2018 Year in Review and A Big Year Ahead
This was another fantastic year for the UCSF Department of Medicine. In this note, I’ll highlight some of our major accomplishments in 2018 and a few of the big issues that are likely to take center stage in 2019.
Our clinical programs continue to do very well. In the US News & World Report annual rankings, our Department ranked third, and several of our divisions scored in the top ten (nephrology #4, diabetes and endocrinology #6, pulmonology and rheumatology both #7, cancer and geriatrics both #8). At UCSF Health, we saw tremendous clinical growth, with volumes up by 10% over the past year, in both our inpatient and outpatient services. We also saw impressive growth at ZSFG, with inpatient admissions growing by 17%. At the VA, perhaps the most striking growth was in our telemedicine services, where the VA has been a pacesetter. Nearly 3,000 veterans cared for by our VA received care through telemedicine services last year, and we have established national leadership roles in areas ranging from primary care to sleep and related disorders.
VOLUME INCREASE IN INPATIENT AND OUTPATIENT SERVICES
GROWTH IN INPATIENT ADMISSIONS
VETERANS RECEIVED CARE THROUGH TELEMEDICINE SERVICES
At UCSF Health, 2018 was the year in which our network development efforts hit a tipping point. Early in the year, we launched partnerships with four hospitals affiliated with the multi-state Dignity system (St. Mary’s, St. Francis, Sequoia, and Dominican). Our affiliation with John Muir Hospital in Walnut Creek has matured, this year culminating in the opening of a large outpatient medical practice in Berkeley, jointly staffed by UCSF and Muir physicians. We also began an ambitious partnership with Marin General Hospital in the North Bay, along with one with Sonoma Valley Hospital. All these partnerships, plus the parallel growth in our Bay Area-wide Accountable Care Organization (ACO) known as Canopy Health, are critical to positioning our health system as a central player in the highly competitive Northern California Healthcare market.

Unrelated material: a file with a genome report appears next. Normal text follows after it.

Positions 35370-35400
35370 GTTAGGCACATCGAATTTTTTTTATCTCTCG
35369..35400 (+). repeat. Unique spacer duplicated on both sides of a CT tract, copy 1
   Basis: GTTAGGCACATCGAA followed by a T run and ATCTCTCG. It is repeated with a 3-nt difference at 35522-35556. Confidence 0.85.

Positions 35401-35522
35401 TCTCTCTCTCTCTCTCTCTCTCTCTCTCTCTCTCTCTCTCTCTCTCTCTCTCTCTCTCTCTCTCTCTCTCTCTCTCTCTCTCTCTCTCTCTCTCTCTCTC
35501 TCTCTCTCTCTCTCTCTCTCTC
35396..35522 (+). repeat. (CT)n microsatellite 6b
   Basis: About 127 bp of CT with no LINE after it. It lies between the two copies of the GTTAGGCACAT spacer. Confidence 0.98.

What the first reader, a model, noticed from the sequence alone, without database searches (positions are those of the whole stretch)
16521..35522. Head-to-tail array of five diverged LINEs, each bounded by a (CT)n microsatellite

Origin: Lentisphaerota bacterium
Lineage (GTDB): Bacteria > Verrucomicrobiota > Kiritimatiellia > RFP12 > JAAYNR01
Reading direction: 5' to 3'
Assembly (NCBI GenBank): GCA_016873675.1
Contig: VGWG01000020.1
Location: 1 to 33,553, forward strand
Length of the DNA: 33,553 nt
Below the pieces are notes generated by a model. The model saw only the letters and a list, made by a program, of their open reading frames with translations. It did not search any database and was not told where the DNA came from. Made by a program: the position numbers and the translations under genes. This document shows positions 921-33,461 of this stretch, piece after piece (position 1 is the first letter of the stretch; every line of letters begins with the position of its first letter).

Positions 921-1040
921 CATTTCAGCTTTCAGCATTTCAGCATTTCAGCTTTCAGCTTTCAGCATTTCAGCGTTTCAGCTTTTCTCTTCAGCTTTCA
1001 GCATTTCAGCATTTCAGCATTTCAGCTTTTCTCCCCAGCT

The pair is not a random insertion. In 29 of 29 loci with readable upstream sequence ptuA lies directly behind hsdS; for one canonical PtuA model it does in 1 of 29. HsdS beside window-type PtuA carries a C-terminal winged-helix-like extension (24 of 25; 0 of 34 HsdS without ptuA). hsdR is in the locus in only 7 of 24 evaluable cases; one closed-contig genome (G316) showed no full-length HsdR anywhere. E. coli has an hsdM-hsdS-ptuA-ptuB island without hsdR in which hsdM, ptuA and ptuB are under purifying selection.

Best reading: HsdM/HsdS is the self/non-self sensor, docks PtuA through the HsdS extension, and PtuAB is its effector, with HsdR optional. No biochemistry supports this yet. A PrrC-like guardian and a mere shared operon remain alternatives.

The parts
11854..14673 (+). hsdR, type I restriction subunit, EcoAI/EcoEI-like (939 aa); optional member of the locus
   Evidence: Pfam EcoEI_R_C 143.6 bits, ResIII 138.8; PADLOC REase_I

Many of these partnerships are moving rapidly from agreement to reality. In Marin, for example, a 100-physician clinical practice just became part of UCSF’s clinically integrated physician network, and our UCSF informatics team is currently installing our APeX (Epic) system into this practice. At St. Mary’s Medical Center in San Francisco, the entire hospitalist service is now staffed with UCSF faculty, and a variety of other UCSF specialties, both inside and outside our department, are considering opportunities for growth in this and other Dignity facilities. While much of the expansion of the UCSF Health clinical delivery system in the coming years will come through these partner relationships, we also continue to build out our own facilities, most notably with the 2019 opening of the Precision Medicine Cancer Building (PCMB) at Mission Bay and the start of serious planning for a new hospital tower on the current footprint of Langley Porter at Parnassus.
Our research enterprise remains enviably strong. In 2018, faculty and trainees in our department published 2,834 papers and received support for 510 new sponsored projects (grants, contracts, fellowships, subcontracts), for a combined dollar amount of $412.9 million in extramural support, including $235.7 million from federal sources. As of the most recent ranking, we remain first in the nation in federal research support among departments of medicine.
IN EXTRAMURAL SUPPORT
While money is always hard to come by, space may be an even scarcer commodity. This is why we’re so excited about major initiatives to increase the amount of space for our researchers on all of our campuses. Most importantly, a program has been launched to re-invigorate the Parnassus campus. The overall effort is being led by Vice Chancellor for Research Lindsey Criswell, who also serves as our chief of rheumatology at UCSF Health. The first program in the New Parnassus initiative will be the CoLabs, a broad-based core facility to facilitate much of the basic science work on that campus. That effort is being led by our Associate Chair for Basic Research, David Erle.